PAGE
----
73 Corporate Downsizing legitimate?  survival of firm  if uncontrollable, result can’t be fair  actual situations  owner’s risk

74 Corporate Downsizing investors expect ethical behaviour  is this expectation voluntary?  obligations of agents responsibilities of principles agent principle

75 Business Ethics: On Getting to the Heart of the Matter

76 Heart of the Matter not specific to business  constraints  “charitable” responsibilities

77 Heart of the Matter what does business actually do?  provision goods & services  profit Camenisch asserts:  moral of provision > moral profits Are they really goods? Are they really services?

78 Heart of the Matter business as custodian  natural resources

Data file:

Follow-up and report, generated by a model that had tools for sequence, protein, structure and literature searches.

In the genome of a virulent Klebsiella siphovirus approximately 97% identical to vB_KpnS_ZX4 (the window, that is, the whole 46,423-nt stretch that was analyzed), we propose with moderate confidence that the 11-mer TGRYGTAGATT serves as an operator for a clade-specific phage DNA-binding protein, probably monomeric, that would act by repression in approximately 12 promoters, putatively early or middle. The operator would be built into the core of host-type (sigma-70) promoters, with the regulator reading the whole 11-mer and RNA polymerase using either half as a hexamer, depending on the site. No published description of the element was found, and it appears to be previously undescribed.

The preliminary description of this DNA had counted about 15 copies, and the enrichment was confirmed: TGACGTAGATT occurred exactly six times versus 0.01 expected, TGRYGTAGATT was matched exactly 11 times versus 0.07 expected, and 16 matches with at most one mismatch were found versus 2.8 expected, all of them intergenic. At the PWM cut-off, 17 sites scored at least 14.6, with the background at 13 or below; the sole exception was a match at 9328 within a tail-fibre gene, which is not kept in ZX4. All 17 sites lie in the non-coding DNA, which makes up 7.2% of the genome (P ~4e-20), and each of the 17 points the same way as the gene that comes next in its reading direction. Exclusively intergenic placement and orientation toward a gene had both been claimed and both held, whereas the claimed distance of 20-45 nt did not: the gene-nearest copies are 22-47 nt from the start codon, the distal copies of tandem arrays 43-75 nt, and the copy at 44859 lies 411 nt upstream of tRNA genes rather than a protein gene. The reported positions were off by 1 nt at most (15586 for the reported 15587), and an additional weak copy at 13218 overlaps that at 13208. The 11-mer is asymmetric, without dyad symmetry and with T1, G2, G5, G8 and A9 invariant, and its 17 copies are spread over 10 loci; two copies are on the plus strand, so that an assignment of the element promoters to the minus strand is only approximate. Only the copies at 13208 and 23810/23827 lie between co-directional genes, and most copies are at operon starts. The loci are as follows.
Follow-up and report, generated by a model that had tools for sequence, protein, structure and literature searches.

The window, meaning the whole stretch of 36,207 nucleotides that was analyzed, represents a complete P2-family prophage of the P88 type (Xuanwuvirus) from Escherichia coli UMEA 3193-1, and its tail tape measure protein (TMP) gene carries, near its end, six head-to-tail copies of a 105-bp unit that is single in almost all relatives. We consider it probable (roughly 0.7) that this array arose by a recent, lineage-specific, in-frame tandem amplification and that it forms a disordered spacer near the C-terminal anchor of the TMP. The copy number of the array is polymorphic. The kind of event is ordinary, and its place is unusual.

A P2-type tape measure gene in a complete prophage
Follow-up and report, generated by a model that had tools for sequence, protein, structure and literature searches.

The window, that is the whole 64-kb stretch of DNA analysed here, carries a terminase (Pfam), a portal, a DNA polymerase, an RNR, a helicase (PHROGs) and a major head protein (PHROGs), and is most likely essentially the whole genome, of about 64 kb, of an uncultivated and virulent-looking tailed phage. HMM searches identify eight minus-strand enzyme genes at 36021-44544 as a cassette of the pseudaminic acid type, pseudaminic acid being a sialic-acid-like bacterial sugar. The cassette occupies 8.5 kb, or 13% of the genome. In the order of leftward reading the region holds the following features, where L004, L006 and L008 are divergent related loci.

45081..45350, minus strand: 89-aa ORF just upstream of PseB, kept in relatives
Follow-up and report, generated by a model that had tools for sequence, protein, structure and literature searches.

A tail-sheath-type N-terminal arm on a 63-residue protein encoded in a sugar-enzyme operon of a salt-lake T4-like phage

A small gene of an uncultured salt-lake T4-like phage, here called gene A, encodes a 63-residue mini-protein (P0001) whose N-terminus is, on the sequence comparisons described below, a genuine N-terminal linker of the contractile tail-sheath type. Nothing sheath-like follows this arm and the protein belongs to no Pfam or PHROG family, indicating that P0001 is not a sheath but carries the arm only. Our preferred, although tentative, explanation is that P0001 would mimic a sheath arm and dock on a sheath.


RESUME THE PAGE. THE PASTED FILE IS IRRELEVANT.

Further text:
79 Heart of the Matter business as dominator  culture  freedom  creativity  individuality

80 Heart of the Matter Camenisch  limits business only to provision of goods & services creation of profits

81 Heart of the Matter Camenisch  ignores work communal activity creativity passing on to children saving/borrowing generator of social wealth potential of support for the poor brake against war

82 Heart of the Matter Camenisch  ignores debt

83 Multinationals both hope & scourge

84 Multinationals 1.can’t simply equate  US norms = ethical standards but  don’t have to abandon idea of norms text

85 Multinationals 2.proposed 1. no intentional direct harm 2. more good than harm 3. contribute to host’s development 4. respect employee’s human rights 5. pay fair share of taxes 6. respect cultural norms if… 7. just background institutions text

86 Multinationals 3.valid critiques  specific  fact-based 4.lack of adequate “background institutions”  make ethical norms more relevant 5.host governments not absolved text

87 Multinationals how to implement? text